By Michael Mandeville ’11
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This edition we’ll be covering avant-garde rockers Dirty Projectors, Brophy’s own Rollerskaters and the neo-shoegaze duo Beach House.
So getting started, Dirty Projectors is one of those bands for all the music freaks out there.
They’ve been on the underground radar for some time now, but after their 2009 release “Britte Orca,” this group has been on the top 10 list of seemingly every blog and music Web site.
Recently they’ve released a new EP titled after one of the tracks on “Britte Orca” called “Temecula Sunrise.”
The EP offers a few new tracks from the band, but the most notable is “Ascending Melody,” which they’ve been playing live for about three years.
The track offers a distinct Dirty Projectors-esq tone from its sunny guitars and jumpy beat, to say the least.
This band is known for its erratic structures and riffs, and “Ascending Melody” is complete proof of the band doing what they are best at.
There is a reason why they are considered “avant-garde rock” and it’s their unique experimental sound that has set them apart from any other band in music today.
Moving on, I think students and teachers may enjoy the hungry melodies of New York’s Beach House.
Having released two albums before their most recent 2010 release “Teen Dream,” this band is producing beautiful, special music.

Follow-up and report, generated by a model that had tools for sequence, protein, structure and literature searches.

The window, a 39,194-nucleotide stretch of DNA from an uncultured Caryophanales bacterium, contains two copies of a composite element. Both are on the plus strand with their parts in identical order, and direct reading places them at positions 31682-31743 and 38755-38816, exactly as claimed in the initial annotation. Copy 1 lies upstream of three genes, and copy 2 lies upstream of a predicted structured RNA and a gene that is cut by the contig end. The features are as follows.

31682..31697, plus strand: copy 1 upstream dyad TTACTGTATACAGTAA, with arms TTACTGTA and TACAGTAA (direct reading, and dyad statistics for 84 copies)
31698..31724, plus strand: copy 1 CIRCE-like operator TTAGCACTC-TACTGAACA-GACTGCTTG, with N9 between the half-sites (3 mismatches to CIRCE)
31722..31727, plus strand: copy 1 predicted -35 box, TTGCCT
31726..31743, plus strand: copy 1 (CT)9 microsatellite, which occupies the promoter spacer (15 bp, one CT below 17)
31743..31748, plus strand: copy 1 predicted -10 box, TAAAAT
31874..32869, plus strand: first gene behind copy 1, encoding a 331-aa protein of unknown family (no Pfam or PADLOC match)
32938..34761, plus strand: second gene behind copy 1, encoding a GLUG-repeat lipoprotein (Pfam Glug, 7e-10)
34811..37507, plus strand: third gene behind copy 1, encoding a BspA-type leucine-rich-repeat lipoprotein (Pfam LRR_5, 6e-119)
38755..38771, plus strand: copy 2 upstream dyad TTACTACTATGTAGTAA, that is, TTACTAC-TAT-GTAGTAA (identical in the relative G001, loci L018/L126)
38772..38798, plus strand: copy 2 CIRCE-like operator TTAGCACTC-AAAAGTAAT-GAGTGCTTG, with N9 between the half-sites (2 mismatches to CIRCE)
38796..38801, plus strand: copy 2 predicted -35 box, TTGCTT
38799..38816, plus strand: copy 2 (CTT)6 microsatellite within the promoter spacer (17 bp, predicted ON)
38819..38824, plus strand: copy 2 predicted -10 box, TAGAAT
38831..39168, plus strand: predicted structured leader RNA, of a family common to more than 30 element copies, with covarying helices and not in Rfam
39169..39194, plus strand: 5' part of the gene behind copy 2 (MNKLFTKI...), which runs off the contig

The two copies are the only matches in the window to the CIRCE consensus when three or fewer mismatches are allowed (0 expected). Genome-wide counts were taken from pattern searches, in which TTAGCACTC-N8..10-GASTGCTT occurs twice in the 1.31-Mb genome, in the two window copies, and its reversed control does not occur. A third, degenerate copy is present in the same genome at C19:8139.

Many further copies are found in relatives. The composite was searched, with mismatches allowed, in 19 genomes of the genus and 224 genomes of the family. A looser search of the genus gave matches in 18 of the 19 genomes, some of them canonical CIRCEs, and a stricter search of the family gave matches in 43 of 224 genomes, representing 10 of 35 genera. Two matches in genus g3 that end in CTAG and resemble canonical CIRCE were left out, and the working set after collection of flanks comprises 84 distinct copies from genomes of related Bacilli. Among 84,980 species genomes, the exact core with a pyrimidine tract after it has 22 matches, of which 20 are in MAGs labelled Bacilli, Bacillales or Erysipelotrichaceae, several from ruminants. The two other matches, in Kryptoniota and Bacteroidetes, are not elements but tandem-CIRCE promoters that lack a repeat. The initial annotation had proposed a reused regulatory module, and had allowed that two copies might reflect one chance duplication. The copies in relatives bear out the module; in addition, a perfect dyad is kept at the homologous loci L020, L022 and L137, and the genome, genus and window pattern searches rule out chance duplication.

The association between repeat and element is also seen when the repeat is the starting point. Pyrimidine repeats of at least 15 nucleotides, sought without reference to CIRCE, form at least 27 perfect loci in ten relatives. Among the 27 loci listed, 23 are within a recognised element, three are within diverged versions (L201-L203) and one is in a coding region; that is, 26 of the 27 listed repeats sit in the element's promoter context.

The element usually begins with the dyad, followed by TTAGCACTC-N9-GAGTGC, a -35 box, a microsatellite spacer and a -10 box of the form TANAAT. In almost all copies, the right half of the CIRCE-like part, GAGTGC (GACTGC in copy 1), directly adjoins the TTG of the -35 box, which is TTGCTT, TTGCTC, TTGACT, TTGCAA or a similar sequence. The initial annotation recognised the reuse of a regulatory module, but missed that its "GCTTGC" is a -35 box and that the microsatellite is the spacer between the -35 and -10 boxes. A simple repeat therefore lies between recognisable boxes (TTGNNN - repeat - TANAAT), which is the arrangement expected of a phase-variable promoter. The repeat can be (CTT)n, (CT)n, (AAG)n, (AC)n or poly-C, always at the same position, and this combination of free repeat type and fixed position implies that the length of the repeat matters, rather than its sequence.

My current favorite song off the album is called “Walk in the Park.”
I love its simplicity in using only guitar, organ and drums to create a true attempt at what bands like My Bloody Valentine and Sonic Youth did some 20 years ago.
The atmospheric sound conducted by a reverb-shocked guitar and vocals allows for the sound to seem much larger than it actually is.
To finish off, I’d like to talk about what Brophy senior Andrew Mckee ’10 is currently up to.
Aside from playing in post-surf band The Young Friends, which I am a member of, Mckee is making songs out of boredom, and that is exactly what happened for the most recent track “Sleep Tight” by pseudo band Rollerskaters.
Mckee had only shared his new track limitedly among friends before posting it on Myspace in mid-April.
Long story short, the song went viral and a few dozen music blogs have unexpectedly gotten hold of the track, including the ever-pretentious Pitchfork.
The song itself is a marvelous pop tune building off of various guitar loops and a consistent early 90s hip hop drum beat you’d find in songs by Positive K or A Tribe Called Quest.
This just goes to show that you never know who’s actually watching you on the Internet. A bit creepy, but fortunate in Mckee’s case.
Well that is it for this edition of “The Music Sounds Better.” Be sure to listen online at roundup.brophyprep.org.